In typically perverse style, Ray Davies kicks off the Kinks’ debut effort for their new label with “Working at the Factory,” a searing indictment of the industrialization of rock. The song finds Ray in a mood of pissed-off resignation, as if he’s finally given up altogether on whatever remained of his rock & roll fantasy. Ray even points a finger at “the corporations and the big combines,” which he blames for having “turned musicians into factory workers on assembly lines.” And on the title track of Think Visual, Ray mocks the sort of bottom-line music-biz advice that gets thrown his way: “Marketing says we gotta merchandise/But economy says we gotta minimize huh/We gotta bud-get to face and the market place is full/Of competition, competition.”
But don’t expect to hear the Kinks talking tough like that on the airwaves — “Rock ‘n’ Roll Cities,” the first single from Think Visual, is anything but a gutsy statement. This utterly uninspired tour song — written by Dave Davies around a woefully tired riff — engages in the worst sort of rock hucksterism. He even resorts to spitting out the names of a few cities, “from Buffalo to the Gulf of Mexico.” This is the sort of desperate, airplay-seeking number that only a radio programmer could love.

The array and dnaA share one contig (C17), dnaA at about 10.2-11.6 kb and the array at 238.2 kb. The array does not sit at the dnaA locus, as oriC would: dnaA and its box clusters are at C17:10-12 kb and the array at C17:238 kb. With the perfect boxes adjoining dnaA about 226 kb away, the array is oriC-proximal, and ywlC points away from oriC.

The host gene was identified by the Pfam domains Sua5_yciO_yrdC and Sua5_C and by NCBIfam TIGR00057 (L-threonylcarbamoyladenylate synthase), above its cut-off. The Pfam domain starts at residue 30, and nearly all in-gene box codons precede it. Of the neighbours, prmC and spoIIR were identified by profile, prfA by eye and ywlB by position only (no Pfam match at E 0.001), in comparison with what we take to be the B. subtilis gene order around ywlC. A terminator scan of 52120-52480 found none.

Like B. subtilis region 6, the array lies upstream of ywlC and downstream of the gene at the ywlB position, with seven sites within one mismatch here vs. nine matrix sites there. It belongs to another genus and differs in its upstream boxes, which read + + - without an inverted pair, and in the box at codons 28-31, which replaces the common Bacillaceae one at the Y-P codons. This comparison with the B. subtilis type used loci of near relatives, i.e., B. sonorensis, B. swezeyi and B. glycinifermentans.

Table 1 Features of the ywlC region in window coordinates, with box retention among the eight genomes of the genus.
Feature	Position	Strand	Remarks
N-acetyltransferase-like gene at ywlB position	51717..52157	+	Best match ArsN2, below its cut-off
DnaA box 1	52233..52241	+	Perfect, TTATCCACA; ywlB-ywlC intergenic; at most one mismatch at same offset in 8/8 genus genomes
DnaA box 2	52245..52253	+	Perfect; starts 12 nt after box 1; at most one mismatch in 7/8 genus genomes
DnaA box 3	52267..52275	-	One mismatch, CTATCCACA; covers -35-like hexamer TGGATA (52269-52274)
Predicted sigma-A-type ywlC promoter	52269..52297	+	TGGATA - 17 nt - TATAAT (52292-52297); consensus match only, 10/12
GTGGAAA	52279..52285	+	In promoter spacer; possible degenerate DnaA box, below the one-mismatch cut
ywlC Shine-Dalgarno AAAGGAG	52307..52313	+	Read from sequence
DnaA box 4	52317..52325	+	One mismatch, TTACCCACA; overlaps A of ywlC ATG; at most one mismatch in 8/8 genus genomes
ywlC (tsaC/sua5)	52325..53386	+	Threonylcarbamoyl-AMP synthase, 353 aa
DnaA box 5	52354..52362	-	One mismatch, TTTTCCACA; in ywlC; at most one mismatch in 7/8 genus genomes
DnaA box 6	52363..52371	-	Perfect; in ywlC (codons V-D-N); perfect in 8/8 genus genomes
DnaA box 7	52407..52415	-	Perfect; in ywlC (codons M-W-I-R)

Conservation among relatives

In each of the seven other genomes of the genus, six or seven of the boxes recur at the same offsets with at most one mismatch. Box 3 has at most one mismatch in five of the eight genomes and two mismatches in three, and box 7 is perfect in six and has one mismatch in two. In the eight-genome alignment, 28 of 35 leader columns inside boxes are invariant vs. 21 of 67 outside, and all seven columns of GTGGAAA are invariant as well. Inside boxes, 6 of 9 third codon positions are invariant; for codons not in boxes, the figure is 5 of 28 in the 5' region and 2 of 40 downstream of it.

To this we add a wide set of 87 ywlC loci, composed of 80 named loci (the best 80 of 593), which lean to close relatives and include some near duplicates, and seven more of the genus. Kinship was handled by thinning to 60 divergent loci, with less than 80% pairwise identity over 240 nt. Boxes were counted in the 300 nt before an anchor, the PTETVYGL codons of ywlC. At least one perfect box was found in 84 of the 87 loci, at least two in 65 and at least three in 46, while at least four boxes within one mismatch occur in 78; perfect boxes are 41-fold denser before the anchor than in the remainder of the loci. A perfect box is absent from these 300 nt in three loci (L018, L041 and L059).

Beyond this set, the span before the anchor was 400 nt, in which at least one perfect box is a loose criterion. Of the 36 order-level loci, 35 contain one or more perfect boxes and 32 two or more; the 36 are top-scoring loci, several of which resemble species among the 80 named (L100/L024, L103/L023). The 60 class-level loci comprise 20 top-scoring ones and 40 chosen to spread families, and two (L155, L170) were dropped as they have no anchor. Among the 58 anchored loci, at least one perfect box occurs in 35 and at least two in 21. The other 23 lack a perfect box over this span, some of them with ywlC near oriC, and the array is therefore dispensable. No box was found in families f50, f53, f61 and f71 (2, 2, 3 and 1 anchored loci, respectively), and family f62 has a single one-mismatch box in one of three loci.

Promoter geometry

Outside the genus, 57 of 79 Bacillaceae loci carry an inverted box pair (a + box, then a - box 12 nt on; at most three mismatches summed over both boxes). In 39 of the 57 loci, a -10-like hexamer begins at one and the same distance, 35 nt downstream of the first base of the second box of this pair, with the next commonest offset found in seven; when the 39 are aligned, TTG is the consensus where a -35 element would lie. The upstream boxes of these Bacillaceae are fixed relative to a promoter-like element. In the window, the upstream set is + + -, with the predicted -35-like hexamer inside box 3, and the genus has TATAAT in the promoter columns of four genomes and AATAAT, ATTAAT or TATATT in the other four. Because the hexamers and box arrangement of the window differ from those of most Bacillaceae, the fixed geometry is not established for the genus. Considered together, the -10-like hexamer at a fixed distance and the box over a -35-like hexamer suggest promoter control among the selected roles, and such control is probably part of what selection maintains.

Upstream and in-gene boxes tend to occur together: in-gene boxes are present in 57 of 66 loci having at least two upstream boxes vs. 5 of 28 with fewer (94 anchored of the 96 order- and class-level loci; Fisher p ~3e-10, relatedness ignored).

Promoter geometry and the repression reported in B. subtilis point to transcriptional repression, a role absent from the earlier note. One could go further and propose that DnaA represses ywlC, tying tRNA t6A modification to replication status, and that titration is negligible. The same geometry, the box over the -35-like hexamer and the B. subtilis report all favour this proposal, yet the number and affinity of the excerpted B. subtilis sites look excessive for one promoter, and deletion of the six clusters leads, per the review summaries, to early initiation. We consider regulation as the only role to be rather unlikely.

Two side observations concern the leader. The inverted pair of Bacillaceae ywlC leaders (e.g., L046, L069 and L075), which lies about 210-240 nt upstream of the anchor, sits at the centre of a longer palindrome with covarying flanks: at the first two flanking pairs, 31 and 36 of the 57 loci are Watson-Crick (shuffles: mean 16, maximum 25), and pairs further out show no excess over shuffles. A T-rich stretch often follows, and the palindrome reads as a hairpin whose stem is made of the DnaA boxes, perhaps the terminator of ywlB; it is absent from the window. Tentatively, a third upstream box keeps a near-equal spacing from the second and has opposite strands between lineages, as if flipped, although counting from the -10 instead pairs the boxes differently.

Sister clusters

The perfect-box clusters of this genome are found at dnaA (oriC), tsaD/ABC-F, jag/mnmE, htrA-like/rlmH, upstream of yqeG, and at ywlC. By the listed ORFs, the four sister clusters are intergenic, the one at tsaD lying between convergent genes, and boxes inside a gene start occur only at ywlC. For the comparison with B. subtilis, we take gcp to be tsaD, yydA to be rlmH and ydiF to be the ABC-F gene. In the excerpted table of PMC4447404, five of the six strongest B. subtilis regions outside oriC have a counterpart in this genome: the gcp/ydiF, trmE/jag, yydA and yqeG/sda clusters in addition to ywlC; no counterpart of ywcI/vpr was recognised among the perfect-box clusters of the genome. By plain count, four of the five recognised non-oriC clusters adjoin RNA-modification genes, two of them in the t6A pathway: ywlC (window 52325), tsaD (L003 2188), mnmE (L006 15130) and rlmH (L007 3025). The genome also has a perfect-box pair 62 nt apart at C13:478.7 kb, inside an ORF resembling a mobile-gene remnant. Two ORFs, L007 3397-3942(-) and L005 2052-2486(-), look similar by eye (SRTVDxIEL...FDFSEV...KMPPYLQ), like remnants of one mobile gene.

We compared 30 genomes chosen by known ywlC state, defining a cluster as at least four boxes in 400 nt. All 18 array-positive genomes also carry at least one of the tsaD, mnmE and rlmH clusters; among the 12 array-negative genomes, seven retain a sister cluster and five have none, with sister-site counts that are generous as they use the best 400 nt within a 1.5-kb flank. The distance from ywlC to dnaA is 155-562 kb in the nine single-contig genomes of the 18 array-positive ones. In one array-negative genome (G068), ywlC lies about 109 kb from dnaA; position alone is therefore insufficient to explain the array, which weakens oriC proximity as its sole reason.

Still, fear not, Kinks Kroniklers — all is not lost. Ray Davies continues to be one of rock’s most intelligent songwriters, particularly on the slower material. “Lost and Found,” for example, is a gorgeous ballad about a couple in New York City weathering their own storm as a hurricane sweeps across the coastline. And the melancholy “How Are You” is another of Ray’s well-crafted songs of love and loss.
But one wonders why — aside from the obvious business concerns — Ray Davies needs the Kinks anymore. At this point, the group features as many original members of Argent as it does original members of the Kinks. While the playing on Think Visual is always competent, it’s rarely more than that. And Dave Davies’s two songwriting contributions — “Rock ‘n’ Roll Cities” and the equally boring “When You Were a Child” — indicate that the longstanding sibling rivalry between the Davies brothers may have outlived its artistic purpose. Think Visual is another acceptable Kinks album, but it’s also a frustrating suggestion that Ray Davies remains capable of much, much more.